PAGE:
DEAR MARY ANN: I love my husband dearly, but do I need to spend the holidays with his miserable family? During my husband's family celebrations, the festivities mainly include talking poorly about others, commenting on people's weight, complaining about the food, gossiping and constant eye rolling. No one is enjoying each other's company. The tension in the room is almost unbearable.
My husband asks me to tolerate his family's insanity as we get together only a few times a year. I'm at my wits end. Seeing as we are older adults, have a great marriage and no children, is it so bad if he attends his family gatherings and I go to my family for the holidays?
-- HOLIDAY DAUGHTER-IN-LAW
DEAR HOLIDAY DAUGHTER-IN-LAW: Families are complex. When your husband acknowledges his clan's instability and asks you to accompany him to his family's holiday events, he is doing so because you are his anchor and his rock. He needs you to be with him. A few times a year isn't like a command performance at Sunday dinner. Bring a game or offer to be kitchen crew and do the cleanup work. If you knit, bring your knitting. Avoid the fray, drama and gossip. You are there to support your husband. Ideally, as married adults you should attend major family functions on either side of the family as a couple. Save the solo visits to your family for other spontaneous and casual occasions.
DEAR MARY ANN: I have a very old and dear friend John, who recently got a new job with a well-known insurance company as a financial adviser after having been laid off from his former career of 30 years. John seems happy in his new role, and I am very pleased for him and his wife and two college-bound children.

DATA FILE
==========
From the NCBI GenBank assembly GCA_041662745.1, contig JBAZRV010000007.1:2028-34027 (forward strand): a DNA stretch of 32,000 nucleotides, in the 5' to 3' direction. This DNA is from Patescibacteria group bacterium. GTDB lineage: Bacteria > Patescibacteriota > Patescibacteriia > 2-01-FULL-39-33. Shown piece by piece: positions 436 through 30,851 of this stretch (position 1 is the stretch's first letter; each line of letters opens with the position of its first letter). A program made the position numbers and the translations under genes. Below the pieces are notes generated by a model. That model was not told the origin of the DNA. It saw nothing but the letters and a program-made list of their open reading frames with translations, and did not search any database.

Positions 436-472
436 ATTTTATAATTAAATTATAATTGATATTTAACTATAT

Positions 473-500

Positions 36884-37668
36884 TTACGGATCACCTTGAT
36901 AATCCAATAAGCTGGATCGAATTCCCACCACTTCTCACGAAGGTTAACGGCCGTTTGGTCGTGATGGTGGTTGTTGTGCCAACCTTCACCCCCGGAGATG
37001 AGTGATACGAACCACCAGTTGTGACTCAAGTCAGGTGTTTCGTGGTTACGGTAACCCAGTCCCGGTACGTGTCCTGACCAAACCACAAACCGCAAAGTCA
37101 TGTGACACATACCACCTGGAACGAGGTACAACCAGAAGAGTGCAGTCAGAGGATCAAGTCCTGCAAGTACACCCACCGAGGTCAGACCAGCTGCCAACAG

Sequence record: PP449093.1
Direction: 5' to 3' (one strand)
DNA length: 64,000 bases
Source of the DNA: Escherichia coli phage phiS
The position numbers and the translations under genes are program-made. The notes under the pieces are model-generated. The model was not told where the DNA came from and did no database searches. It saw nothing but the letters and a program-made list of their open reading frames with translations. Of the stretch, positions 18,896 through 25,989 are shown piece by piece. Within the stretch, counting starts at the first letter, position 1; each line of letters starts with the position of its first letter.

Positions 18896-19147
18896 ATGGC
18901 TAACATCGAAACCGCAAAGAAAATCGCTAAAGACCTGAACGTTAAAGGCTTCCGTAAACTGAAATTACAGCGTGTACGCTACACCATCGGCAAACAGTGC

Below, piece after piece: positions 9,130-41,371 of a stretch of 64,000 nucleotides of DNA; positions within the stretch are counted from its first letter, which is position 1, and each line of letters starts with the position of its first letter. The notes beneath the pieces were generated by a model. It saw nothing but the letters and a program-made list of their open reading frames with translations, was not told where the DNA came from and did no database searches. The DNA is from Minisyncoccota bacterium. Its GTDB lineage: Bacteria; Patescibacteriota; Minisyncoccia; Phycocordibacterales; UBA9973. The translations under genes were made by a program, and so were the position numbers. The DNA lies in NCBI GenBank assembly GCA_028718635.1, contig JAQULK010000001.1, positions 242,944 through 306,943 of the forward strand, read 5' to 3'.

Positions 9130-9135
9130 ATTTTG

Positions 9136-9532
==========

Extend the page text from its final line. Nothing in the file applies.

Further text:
Part of his job description involves solicitation, I understand that. He is expected to come up with a quota of new clients and then he advises them and recommends strategies that often include purchasing some of the products the famous insurance company has to offer. So, I was not surprised last week when John asked me to go to lunch at a very upscale bistro to discuss my financial future. I said, "Yes," but now I am experiencing some anxiety as our rendezvous date approaches. Something is bothering me here, and I cannot really decide what I should do. On one hand I could probably use some of his advice as he is newly trained and probably up on a few things that I may not have considered regarding my money. On the other hand his loyalties are not only to me but to his new job, his family and the company he works for. Should I put him off, level or something in between?
-- POTENTIAL FOOL AND HER MONEY
DEAR POTENTIAL FOOL: Have lunch with your old friend but decide in advance that you will not make any unplanned economic commitments. When John turns the conversation to your money management, tell him you are not comfortable making financial decisions without more research. He may actually be thinking of you as a reference for some of his future clients. John is networking.
The fact that you are feeling apprehensive about your meeting, however, indicates you think you may not be resilient enough to resist making a hasty money decision. After such a long friendship, you may not want to hurt John's feelings by declining what he proposes at this meeting. If you feel you will not be able to say "No" to this possible agenda, you should cancel the fancy lunch and eat at home. When making a decision about your financial future always get more than one opinion.
Need some Steel Advice? Email questions to: email@example.com or write to Mary Ann Wellener, Steel Advice Column, c/o Pittsburgh Post-Gazette, 34 Blvd. of the Allies, Pittsburgh, PA 15222. Follow Mary Ann on Twitter at @PGSteelAdvice.